1. As may be apparent, I'm really at the point now where I'm wondering how much longer I can go on. Or, more accurately, should. It's always a bad sign when you find yourself asking yourself if your having fun rather than just having fun. Of course, the question after that is whether it's fun you want. Not everything has to be about fun, after all.

      And working through the process is a kind of fun in itself.

    2. @potshot, very well said indeed and much agree.

  2. One of the very first posts I ever posted on my blog was about the journey being the reward, the winding road and the allure of mistery. The best games are experiences, the best worlds feel like real, breathing things that are beautiful and harsh. Psychochild talked about the grim satisfaction that could be derived from such challenges as much as the more lighthearted whimsical fun. I think it takes both and Valheim is really good at delivering it.

    1. And here we are again. It's a sort of existential crisis. I keep going back to EverQuest. This is what it was like there at the start. And a good few times later on. Whether it's what I want is another thing. I didn;t know then and I'm not sure I know now. I kept playing ,though, so I guess there's a clue in that.

  3. I started reading this post while i was at the drive thru at Starbucks on my way home from vehicle inspection at the auto dealer. I didn't get to finish it until i finally got home and pulled it up on my desktop to further ponder it's perspective. I didn't listen anything else on the drive home, just lost in subconscious thought... pondering the words and perspective of things. And so i must say, it's really one of the best if not best blog gaming post i've read in a very long time, probably ever in perspective. As i can't remember back far enough too remember another to compare. It's probably why my mind was lost in thought simmering on it till i finally finished it.

    The Journey is not and never about the end, but the journey and reflections of all that is that takes place all the way to the end.

    Yes, it is an interesting perspective that so many of us across the blogosphere and as players play this game Valheim, and to each their own reasons. We all share the same tasks, we all arrive at the same place, yet our journeys, perspective and outlook are all different in how we all get there. Some deciding to also get there faster than others. But that in itself is an interesting thing to consider and shape out experience of the game and how we all enjoy it differently as well.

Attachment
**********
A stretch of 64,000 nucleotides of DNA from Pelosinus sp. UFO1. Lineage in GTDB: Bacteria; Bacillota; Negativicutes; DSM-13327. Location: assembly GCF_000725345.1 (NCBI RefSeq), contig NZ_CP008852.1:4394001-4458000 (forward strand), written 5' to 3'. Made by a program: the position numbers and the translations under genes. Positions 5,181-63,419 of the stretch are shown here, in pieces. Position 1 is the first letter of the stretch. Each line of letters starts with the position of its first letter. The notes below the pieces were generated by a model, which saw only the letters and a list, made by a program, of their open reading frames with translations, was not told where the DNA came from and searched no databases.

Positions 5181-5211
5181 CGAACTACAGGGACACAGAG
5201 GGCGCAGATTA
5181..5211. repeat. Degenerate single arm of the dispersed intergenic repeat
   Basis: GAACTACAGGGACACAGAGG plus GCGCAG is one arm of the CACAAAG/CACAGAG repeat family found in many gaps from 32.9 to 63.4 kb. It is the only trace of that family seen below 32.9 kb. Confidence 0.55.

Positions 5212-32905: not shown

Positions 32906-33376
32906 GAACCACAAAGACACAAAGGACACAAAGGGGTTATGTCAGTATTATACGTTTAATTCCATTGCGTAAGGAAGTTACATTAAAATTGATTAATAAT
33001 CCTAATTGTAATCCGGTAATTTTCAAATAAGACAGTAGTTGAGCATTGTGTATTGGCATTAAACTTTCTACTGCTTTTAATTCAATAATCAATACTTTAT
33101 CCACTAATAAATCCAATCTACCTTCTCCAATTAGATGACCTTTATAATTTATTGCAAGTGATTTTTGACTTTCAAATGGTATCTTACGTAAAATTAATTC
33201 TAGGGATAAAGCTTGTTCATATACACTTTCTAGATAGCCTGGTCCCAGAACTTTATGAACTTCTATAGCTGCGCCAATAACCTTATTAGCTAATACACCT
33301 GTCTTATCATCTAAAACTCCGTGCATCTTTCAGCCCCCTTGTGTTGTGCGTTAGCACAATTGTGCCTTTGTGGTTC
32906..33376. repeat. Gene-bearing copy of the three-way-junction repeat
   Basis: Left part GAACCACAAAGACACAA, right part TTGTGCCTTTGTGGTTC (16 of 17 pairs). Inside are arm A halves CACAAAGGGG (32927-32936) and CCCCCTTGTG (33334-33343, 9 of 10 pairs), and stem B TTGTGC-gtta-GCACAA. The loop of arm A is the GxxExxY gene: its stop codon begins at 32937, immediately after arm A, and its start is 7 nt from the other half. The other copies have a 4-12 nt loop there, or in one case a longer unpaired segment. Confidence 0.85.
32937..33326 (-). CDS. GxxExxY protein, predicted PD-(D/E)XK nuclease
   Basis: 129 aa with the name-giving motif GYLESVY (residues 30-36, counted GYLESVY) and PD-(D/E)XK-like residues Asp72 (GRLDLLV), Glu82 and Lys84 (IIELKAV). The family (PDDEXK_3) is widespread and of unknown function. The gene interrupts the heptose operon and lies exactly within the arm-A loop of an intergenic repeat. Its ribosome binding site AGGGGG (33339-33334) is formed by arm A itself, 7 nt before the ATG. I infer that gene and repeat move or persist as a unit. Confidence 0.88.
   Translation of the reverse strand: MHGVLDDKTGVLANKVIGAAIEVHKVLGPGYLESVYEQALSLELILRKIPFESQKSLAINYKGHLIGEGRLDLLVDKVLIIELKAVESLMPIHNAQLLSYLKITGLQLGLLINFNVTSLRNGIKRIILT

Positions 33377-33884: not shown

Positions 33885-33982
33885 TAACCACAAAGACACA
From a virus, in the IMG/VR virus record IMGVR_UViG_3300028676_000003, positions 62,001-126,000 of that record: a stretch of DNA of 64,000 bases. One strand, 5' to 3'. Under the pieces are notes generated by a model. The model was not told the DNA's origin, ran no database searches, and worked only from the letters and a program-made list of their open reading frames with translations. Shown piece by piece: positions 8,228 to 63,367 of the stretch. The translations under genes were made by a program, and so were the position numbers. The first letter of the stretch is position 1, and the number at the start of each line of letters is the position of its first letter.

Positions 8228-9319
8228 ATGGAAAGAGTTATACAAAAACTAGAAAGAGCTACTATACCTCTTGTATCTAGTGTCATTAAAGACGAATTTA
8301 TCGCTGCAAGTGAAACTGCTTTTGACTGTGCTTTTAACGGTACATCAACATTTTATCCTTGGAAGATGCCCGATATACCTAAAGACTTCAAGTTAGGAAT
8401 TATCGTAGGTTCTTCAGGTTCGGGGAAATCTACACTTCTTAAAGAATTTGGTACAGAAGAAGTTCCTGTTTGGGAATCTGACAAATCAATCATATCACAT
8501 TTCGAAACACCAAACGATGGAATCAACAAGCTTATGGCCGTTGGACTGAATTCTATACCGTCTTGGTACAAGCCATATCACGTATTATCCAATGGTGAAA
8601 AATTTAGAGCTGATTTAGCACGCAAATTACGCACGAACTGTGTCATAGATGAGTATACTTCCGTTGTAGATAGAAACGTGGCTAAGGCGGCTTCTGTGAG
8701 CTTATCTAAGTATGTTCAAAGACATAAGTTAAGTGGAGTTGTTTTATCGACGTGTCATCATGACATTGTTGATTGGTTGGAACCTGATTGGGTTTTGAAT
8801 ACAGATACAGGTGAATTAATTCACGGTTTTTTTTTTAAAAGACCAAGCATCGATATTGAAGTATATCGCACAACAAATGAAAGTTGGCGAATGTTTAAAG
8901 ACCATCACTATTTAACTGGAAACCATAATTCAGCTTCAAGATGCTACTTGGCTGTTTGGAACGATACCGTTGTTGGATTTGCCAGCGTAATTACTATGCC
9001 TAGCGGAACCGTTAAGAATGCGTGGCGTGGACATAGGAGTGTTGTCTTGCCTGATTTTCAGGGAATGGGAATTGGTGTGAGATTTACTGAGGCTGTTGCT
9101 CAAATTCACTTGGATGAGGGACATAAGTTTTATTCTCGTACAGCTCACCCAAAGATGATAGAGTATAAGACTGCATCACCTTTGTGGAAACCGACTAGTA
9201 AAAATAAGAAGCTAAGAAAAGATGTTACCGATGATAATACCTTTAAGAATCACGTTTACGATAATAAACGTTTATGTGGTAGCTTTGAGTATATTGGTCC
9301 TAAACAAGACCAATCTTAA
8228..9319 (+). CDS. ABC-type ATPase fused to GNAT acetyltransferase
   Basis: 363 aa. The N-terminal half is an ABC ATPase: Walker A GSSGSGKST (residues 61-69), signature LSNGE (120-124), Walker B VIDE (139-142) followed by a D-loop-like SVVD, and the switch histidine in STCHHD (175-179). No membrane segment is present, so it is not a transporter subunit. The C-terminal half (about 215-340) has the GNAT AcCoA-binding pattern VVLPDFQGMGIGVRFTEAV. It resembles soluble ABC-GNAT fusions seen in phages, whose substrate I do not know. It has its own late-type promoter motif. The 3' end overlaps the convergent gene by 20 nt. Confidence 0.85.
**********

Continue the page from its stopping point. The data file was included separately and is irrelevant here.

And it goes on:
One of the things I pondered as i was thinking about the post on the way home is that you couldn't get the same feeling from a blog post like this if it was Youtube and i enjoy that content medium also. That medium playing and watching exist in the instant that it is happening if your just watching. The person is playing in the now or being funny for entertainment of their viewers. There is not much self reflection, not much examination of what your really doing or time to really consider things much in perspective on the journey thus far. The game session will have passed when your often at that point to just consider and honestly reflect on things. And that's where writing still has an advantage in having the time to consider ones actions, thoughts and reflecting on your own journey. As well reflecting on the shared journey, experiences of others all on the same path, even if they all get there a different way to your own. It's a lot to think about from the post. We are all sharing a journey of what happens in between two points via our own experiences despite doing it alone or with a few others.

    The fun is remembering the Journey that takes place along the way. The Bosses are the momentary obstacles to be overcome.